The Beatles’ remarkable catalog includes just one official live album, and the group’s immense popularity made it unlistenable. The Beatles at the Hollywood Bowl, recorded in 1964 and 1965 but not released until 1977, was always a frustrating listen. Try as you might, you simply cannot hear much music above the fan-belt squeal of 10,000 Beatlemaniacs.
You can’t blame the Fab Four, nor their legendary producer George Martin. Martin did what he could with the three-track tapes, but the limitations of 1970s technology did little to elevate the music above the din. Boosting the high frequencies—the snap of Ringo Starr’s hi-hat, the shimmer and chime of George Harrison’s guitar—only made the racket made by all those fans even louder.
To get a sense of what the team at Abbey Road Studios did, imagine deconstructing a smoothie so you’re left with whole strawberries, peeled bananas, and ice cubes, then mixing them again from scratch.
All of which makes the remastered version of Live at the Hollywood Bowl especially impressive. The do-over, which coincided with the August release of Ron Howard’s documentary film Eight Days a Week, squeezes astonishing clarity out of the source tapes. You can finally hear an exceptionally tight band grinding out infectious blues-based rock propelled by a driving beat, wailing guitars, and raspy vocals. This album never sounded so lucid, present, or weighty.
“What became apparent when you compared it to what came out in 1977 is how hard Ringo is hitting the drums,” says Giles Martin, George Martin’s son and the producer of the remastered album. “How hard the band were really digging in. We didn’t really know about that before. You take these layers of natural tape effects away to get to the heart of the performance, and when you get there, you actually hear the dynamics.”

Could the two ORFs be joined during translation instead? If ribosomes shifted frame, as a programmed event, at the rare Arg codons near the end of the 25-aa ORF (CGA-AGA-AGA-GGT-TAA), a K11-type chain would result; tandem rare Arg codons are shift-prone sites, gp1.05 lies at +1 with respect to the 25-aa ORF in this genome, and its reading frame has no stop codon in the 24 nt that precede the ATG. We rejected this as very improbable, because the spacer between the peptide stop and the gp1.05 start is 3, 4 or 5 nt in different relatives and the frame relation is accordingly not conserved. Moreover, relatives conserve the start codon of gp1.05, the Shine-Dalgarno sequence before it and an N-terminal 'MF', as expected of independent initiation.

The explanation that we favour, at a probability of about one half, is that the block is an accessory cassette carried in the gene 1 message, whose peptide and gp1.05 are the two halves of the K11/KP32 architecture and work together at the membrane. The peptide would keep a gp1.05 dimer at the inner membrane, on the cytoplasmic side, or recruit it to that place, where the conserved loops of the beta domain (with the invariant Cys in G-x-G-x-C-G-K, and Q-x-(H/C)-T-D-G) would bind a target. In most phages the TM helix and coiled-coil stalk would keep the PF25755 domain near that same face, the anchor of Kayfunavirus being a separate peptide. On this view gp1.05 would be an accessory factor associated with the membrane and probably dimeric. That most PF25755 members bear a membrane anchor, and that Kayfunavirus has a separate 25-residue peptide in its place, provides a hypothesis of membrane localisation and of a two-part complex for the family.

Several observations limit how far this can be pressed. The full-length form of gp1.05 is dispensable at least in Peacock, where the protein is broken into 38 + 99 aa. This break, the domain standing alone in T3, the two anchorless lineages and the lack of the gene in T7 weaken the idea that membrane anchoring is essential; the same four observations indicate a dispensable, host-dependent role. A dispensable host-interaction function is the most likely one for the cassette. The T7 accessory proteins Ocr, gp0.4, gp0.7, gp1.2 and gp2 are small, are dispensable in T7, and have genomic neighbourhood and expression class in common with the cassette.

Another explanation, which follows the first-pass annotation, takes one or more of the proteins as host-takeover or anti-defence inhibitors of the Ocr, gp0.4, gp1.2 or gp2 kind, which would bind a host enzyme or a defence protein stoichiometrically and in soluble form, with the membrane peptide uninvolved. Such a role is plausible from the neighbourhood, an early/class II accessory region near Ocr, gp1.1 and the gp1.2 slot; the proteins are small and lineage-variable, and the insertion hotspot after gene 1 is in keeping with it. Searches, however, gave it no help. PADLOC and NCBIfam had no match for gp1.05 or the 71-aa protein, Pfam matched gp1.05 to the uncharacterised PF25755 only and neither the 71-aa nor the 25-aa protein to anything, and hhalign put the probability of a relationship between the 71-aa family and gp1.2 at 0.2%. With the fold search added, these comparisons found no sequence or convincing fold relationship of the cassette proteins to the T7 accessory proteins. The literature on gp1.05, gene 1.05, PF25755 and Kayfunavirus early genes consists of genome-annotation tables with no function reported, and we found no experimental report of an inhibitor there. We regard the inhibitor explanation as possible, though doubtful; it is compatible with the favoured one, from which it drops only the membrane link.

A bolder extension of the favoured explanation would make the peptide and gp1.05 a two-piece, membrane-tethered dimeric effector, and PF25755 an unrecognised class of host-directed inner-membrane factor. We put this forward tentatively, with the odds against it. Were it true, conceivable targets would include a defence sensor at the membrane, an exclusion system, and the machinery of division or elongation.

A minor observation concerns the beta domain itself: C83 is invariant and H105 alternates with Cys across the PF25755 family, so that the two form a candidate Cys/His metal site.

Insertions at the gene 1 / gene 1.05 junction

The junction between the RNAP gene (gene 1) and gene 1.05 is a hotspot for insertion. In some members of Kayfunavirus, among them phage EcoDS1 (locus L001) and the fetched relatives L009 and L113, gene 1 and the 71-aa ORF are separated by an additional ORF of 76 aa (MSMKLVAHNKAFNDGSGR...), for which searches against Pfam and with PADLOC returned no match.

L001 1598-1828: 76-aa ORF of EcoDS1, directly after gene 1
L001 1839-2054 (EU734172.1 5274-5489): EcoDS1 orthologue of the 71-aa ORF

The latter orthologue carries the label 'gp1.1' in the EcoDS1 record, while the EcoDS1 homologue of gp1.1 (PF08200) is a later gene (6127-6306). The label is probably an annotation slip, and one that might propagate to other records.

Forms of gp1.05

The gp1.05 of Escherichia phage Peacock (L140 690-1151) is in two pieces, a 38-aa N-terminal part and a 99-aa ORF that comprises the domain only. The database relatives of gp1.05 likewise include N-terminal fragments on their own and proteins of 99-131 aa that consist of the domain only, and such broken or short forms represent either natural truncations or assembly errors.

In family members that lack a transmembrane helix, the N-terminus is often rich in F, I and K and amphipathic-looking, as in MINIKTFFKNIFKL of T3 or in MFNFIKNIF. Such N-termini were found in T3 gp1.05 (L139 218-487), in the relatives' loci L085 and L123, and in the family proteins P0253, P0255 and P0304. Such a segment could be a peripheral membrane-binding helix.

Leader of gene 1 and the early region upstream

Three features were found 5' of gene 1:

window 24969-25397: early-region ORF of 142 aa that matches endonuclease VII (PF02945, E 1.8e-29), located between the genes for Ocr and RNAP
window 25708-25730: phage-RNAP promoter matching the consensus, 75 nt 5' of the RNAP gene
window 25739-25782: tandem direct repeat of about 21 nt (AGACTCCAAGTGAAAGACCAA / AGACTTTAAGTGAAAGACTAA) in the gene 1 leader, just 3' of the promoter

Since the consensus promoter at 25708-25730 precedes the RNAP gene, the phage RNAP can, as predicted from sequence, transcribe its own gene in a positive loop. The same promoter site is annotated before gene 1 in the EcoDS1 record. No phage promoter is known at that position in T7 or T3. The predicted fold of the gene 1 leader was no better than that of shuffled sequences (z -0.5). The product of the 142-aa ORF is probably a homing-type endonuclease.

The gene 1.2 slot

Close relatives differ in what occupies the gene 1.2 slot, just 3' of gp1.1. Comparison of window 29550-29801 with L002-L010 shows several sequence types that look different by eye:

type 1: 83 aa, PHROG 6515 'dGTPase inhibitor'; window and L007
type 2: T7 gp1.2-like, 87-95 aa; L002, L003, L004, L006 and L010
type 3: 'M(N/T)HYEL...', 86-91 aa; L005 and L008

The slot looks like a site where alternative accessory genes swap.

Technological wizardry helped uncover the hidden sonics. But don’t think you can just run out and buy the same software to make your crappy Can bootlegs listenable. There’s no checkbox in ProTools to reverse-engineer a lousy recording. To get a sense of what the team at Abbey Road Studios did, imagine deconstructing a smoothie so you’re left with the strawberries, bananas, and ice in their original forms, just so you can blend them again from scratch.
To do that, James Clarke, a systems analyst at Abbey Road Studios, developed a “demixing” process to separate each instrument and vocal track from the cacophony. He isolated everything Ringo, Harrison, Paul McCartney, and John Lennon played and sang, separated it from the din of the crowd, and effectively created clean tracks to remaster. Fittingly, Clarke’s audio-modeling process used spectrograms—imagery you might associate with ghost-hunting—to bring the spirit of these live performances back to life.
“It doesn’t exist as a software program that is easy to use,” Clarke says. “It’s a lot of Matlab, more like a research tool. There’s no graphical front end where you can just load a piece of audio up, paint a track, and extract the audio. I write manual scripts, which I then put into the engine to process.”